We've all suspected that social media wasn't good for us for a while now.  I know on the surface, being connected to hundreds (if not thousands) of other people around the globe seems like a great way to strengthen our connections with fellow humans - but I think we all know that's not how it works in the real world.  That suspicion has been confirmed by science in the latest research from the University of Pennsylvania.

According to the study published in Science Daily, a casual connection has been confirmed between social media platforms like Facebook, Snapchat, and Instagram and a "decreased: sense of well being."  The difference in the study that revealed the link and other studies looking for the emotional and mental toll that social media takes from users is the environment.  Other studies have been focused on specific situations and circumstances, U of P's approach was to widen the scope to see how these platforms affect our life as a whole - and it isn't good.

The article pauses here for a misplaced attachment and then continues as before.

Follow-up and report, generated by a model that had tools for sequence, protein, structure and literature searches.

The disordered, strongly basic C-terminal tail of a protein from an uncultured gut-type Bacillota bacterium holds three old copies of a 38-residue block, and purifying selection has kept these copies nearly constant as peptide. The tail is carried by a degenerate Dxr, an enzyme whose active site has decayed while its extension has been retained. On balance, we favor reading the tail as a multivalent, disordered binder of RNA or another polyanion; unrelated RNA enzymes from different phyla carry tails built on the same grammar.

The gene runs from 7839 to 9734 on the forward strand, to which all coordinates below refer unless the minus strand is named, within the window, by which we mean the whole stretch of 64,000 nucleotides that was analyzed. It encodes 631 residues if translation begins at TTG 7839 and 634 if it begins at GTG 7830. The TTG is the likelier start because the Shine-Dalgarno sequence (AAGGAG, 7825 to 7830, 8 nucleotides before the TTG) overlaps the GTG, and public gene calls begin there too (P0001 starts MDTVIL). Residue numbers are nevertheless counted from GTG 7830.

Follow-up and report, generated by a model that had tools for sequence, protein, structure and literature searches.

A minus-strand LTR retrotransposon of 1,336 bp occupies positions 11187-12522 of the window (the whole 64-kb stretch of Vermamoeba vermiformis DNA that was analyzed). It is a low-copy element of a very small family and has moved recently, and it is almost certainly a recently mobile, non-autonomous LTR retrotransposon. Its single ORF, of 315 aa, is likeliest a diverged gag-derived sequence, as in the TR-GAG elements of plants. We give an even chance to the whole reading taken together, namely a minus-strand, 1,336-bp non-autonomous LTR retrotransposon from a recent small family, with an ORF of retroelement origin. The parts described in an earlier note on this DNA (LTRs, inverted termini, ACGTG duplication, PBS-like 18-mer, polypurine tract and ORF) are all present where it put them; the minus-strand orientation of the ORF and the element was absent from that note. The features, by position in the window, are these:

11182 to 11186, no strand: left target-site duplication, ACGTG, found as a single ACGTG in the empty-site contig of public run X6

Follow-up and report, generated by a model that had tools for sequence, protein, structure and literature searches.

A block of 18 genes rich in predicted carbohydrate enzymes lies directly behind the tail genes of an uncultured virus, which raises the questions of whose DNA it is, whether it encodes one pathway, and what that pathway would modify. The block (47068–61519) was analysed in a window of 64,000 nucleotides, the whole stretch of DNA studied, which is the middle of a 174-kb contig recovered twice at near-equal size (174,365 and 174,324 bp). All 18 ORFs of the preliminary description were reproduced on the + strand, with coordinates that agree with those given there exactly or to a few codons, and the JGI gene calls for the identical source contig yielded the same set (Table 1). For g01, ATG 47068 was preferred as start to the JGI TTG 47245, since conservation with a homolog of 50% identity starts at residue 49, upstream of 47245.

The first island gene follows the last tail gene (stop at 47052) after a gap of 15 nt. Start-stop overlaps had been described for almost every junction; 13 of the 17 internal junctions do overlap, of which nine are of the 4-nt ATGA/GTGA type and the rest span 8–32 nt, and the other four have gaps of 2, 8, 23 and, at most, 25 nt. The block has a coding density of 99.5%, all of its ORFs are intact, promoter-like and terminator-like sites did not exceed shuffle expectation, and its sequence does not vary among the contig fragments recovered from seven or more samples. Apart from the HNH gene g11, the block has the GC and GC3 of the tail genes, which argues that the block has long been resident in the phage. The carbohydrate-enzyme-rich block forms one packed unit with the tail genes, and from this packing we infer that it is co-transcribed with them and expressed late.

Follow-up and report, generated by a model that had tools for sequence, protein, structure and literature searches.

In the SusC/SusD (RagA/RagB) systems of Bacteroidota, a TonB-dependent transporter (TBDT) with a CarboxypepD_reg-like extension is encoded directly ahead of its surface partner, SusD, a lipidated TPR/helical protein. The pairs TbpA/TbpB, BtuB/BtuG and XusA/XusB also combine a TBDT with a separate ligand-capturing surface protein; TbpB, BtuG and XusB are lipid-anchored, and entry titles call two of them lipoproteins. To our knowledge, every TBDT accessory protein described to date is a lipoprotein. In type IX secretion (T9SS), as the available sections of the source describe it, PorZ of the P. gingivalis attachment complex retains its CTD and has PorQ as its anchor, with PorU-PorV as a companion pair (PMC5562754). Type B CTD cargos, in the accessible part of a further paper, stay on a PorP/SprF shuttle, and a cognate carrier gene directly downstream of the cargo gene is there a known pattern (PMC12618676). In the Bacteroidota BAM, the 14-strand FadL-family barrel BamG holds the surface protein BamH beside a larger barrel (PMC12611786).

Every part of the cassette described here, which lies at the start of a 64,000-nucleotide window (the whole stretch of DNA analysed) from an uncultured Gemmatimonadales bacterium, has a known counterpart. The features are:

For 3 weeks, 143 participants were split into 3 groups.  One had unfettered access to their social media accounts, another got 10 minutes a day on them, and the last got no access at all. 7 benchmarks were used to grade the individuals in categories like fear of missing out, anxiety, depression, and loneliness.  Psychologist and associate director of clinical training at the university, Melissa G. Hunt, says that the results are very straightforward;

Using less social media than you normally would leads to significant decreases in both depression and loneliness. These effects are particularly pronounced for folks who were more depressed when they came into the study."

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